Next up was Ernie Braun, reading his paper A Tale of Two Decisions. I scribbled down stuff like: “part of a ‘small but unpopular group'” and “when a question of ideals separates them”. Ernie has a way of telling tales in a kind, humorous way, but he has a real knack for the macabre too. Seems weird to say maybe but here are other things I wrote down, taken from what he said: “three years later they returned to Canada… but they were not the same people.” And this: “as a child, his aunt said people (the Mennonites in Mexico or Paraguay) were always singing… later realized those were funerals that happened every other day.” “The Great Death”. Gesangbuch 247: “Farewell world, I am tired of you…” Last words: “well… I guess I will have to die.” And: “a grotesque parody of Eden.” “High principles and tolerance of hardship.”
Then was Tina Fehr Kehler, reading her paper The Transmigrational Life: One Dietsche Family’s History of Migration. Here are my garbled notes, as I wrote down what appealed to me or tweaked things in my brain: “we’ll see how it works out yet” (a quote from a letter, I think)… misrepresentations of “paradise”… when they arrived, “that’s not for white people” (being able to pick oranges from the tree by simply reaching out your open window)… Strangers & Pilgrims by Abe Warkentin (this is a book I want! where can I get it?!)… “I went to the edge of the woods and stood there and cried” (a quote from a letter)… wanted something new … in each other’s business all the time … “it’s best not to live too near one’s siblings” … a local self-taught doctor … shameful events, hidden … “shot him in the leg” … a mistake … animosity … turbulence … “move away from those devils” (meaning, the Mennonite church) … changed his name “to shed his Mennonite identity”.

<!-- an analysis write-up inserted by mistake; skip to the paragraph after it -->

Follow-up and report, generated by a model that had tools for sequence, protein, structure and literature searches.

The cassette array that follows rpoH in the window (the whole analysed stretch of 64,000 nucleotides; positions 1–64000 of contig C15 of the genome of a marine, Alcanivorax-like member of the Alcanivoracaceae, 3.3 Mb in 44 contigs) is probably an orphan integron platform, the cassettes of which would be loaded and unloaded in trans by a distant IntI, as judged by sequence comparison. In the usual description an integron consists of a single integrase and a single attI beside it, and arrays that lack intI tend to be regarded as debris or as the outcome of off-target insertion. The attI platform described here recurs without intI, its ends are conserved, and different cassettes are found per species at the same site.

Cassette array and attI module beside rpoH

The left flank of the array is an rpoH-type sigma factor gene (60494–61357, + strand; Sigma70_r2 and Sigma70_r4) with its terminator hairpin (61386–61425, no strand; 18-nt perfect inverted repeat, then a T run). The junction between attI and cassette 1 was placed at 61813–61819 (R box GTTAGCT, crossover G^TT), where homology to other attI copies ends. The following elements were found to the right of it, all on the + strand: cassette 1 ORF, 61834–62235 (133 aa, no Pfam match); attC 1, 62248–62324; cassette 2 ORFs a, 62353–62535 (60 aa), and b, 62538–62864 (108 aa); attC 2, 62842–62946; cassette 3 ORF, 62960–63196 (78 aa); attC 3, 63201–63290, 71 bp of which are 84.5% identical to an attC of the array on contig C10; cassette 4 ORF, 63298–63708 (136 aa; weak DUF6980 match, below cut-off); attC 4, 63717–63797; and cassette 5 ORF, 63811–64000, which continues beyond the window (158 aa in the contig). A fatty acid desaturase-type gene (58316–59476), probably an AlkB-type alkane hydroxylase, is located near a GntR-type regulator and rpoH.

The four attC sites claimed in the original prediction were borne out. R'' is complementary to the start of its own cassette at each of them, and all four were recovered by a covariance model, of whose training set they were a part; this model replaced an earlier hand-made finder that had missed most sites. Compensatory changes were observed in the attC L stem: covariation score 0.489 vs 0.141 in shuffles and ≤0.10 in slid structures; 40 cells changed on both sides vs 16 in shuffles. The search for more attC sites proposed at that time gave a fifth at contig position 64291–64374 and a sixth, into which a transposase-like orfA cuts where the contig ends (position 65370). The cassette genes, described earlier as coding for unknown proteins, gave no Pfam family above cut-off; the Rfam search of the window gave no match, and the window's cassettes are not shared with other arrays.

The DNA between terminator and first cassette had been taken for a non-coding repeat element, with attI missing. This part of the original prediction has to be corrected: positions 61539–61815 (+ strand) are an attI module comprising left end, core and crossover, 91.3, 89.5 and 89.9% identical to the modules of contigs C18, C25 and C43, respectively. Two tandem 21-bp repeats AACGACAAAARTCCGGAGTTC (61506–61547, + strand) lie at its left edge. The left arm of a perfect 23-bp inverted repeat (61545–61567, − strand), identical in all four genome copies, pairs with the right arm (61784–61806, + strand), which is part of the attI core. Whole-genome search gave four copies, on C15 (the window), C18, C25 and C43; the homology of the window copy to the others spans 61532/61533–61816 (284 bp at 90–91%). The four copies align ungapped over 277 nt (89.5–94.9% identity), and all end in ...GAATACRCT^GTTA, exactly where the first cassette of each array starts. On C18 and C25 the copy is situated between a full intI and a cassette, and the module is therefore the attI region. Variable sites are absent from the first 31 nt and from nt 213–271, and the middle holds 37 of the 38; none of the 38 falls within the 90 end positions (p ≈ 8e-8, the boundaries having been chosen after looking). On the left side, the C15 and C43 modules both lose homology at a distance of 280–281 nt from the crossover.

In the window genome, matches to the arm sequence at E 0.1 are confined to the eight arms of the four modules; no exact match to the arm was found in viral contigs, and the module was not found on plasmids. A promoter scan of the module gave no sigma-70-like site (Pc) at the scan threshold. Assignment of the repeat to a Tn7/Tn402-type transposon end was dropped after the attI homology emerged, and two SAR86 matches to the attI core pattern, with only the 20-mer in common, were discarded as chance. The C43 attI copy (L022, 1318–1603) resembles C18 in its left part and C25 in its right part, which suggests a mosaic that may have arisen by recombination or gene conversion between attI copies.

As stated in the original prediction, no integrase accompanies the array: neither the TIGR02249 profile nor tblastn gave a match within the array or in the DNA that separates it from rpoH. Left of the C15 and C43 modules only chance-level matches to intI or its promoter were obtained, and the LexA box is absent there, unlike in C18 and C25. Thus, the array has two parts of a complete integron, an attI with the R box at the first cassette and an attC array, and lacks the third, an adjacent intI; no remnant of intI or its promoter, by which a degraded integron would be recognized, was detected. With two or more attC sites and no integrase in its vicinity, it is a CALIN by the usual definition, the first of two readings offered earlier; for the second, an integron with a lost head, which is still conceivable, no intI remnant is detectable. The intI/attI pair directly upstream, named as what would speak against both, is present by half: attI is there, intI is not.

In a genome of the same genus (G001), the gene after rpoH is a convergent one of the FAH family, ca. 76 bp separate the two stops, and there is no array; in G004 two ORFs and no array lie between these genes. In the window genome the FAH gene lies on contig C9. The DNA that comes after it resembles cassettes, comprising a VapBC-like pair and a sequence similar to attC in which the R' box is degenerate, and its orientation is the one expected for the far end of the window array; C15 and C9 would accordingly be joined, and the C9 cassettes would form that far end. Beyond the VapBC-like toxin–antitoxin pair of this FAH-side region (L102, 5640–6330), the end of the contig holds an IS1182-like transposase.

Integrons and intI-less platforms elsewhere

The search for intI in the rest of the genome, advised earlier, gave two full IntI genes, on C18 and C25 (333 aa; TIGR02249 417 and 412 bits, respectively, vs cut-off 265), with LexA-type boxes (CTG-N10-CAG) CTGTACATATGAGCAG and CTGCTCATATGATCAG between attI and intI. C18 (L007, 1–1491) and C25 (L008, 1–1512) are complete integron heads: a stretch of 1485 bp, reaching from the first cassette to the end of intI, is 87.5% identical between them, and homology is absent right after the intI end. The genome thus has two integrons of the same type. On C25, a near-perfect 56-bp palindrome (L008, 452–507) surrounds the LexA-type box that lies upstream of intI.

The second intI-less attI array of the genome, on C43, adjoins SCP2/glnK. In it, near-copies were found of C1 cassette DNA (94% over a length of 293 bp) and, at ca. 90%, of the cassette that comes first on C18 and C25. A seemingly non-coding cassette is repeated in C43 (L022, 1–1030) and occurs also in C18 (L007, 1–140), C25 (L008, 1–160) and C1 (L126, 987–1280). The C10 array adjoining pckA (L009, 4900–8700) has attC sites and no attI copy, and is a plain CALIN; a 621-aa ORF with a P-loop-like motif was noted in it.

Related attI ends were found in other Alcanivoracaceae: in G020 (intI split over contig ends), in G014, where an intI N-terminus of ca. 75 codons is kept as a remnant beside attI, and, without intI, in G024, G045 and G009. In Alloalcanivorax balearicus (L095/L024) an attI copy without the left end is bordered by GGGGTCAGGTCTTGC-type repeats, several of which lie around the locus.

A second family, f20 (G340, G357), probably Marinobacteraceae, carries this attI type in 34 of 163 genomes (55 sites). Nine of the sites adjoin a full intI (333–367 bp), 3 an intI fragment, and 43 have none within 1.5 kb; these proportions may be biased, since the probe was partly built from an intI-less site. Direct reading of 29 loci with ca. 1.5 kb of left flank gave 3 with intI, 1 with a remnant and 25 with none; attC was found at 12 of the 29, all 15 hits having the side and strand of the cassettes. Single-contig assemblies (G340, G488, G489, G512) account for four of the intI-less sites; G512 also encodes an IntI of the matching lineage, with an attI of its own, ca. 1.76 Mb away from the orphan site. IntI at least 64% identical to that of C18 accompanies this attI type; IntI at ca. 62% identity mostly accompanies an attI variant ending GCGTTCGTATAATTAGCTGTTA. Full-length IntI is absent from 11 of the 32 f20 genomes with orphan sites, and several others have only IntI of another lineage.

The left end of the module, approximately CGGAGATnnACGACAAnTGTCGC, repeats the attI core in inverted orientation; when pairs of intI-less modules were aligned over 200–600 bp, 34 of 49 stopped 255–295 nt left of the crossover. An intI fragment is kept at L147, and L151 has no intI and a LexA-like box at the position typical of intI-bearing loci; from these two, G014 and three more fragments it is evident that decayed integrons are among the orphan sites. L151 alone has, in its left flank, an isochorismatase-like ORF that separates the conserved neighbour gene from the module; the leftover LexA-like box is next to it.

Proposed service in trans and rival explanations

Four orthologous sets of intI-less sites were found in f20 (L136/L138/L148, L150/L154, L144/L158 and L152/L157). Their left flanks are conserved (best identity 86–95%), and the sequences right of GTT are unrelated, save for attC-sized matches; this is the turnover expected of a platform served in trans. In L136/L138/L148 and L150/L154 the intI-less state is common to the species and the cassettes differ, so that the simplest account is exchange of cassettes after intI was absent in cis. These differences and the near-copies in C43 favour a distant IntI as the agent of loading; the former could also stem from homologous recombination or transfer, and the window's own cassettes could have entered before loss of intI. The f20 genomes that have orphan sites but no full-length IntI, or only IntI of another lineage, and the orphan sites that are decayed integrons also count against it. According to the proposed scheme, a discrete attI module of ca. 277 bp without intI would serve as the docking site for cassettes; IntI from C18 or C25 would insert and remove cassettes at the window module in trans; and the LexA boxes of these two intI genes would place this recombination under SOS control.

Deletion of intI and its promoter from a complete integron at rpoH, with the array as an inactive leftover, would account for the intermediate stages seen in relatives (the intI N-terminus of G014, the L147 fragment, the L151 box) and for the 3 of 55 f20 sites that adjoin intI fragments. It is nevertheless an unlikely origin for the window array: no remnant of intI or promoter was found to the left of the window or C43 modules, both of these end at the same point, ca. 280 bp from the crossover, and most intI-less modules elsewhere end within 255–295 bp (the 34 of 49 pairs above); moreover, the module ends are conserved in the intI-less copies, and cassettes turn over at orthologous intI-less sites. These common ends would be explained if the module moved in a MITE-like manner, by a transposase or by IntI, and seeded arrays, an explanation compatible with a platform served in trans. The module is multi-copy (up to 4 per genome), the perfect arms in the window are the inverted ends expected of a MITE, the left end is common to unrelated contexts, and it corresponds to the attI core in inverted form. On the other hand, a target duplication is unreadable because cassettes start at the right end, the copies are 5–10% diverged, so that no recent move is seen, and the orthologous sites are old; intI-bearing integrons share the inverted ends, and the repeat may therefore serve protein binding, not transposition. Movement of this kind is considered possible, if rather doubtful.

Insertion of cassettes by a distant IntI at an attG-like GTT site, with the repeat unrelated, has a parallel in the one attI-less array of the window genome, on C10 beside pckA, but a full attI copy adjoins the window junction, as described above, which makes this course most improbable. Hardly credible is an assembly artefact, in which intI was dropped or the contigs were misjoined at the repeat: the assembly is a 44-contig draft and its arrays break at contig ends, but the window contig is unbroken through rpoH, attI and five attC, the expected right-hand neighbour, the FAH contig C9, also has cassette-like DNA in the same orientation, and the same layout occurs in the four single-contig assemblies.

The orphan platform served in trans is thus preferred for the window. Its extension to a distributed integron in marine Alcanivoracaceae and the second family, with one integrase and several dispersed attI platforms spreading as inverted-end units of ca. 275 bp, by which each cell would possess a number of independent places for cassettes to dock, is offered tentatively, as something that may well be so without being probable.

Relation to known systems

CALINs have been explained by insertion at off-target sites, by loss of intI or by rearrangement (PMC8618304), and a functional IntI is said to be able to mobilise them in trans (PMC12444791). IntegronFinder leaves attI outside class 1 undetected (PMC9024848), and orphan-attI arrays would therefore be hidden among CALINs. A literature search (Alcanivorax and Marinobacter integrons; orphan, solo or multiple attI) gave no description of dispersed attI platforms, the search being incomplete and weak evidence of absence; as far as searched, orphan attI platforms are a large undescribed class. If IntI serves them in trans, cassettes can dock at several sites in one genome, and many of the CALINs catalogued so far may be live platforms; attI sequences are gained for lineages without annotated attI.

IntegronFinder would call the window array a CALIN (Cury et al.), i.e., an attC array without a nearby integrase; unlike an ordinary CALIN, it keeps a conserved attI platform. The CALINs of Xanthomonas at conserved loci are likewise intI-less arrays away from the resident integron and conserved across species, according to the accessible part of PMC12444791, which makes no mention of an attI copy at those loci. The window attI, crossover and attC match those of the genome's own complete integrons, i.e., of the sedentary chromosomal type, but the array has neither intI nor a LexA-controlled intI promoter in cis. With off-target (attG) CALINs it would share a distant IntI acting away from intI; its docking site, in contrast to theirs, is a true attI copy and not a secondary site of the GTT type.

I also took notes in my messy manner during the Q&A: “what does it mean to be Mennonite outside of the formal church structure? Especially for women” … “fragmentation of/in the family” … distancing and distinguishing themselves, yet, people bound together, dynamics impacted … Kennert Giesbrecht reminded the audience that “Mennonites are still migrating — this story is still happening” (this I was surprised to learn, and it was expanded upon in other papers!) … re: the Grandma database, “be careful” re: tracking your own family … Ernie, translating something he read in a letter: “they shut off the horizon with pancakes” … and this from the phenomenal Dr. Aileen Friesen: “Female historians have not been listened to.” I heartily heard that, not as a historian, but as a female. It would do many males well to consider what it is they are not listening to… or are perhaps afraid of hearing.
I love this conference so much! I have a lot more to share in the next post.
For now, here are the links I promised, about what I’ve been learning about this migration this year: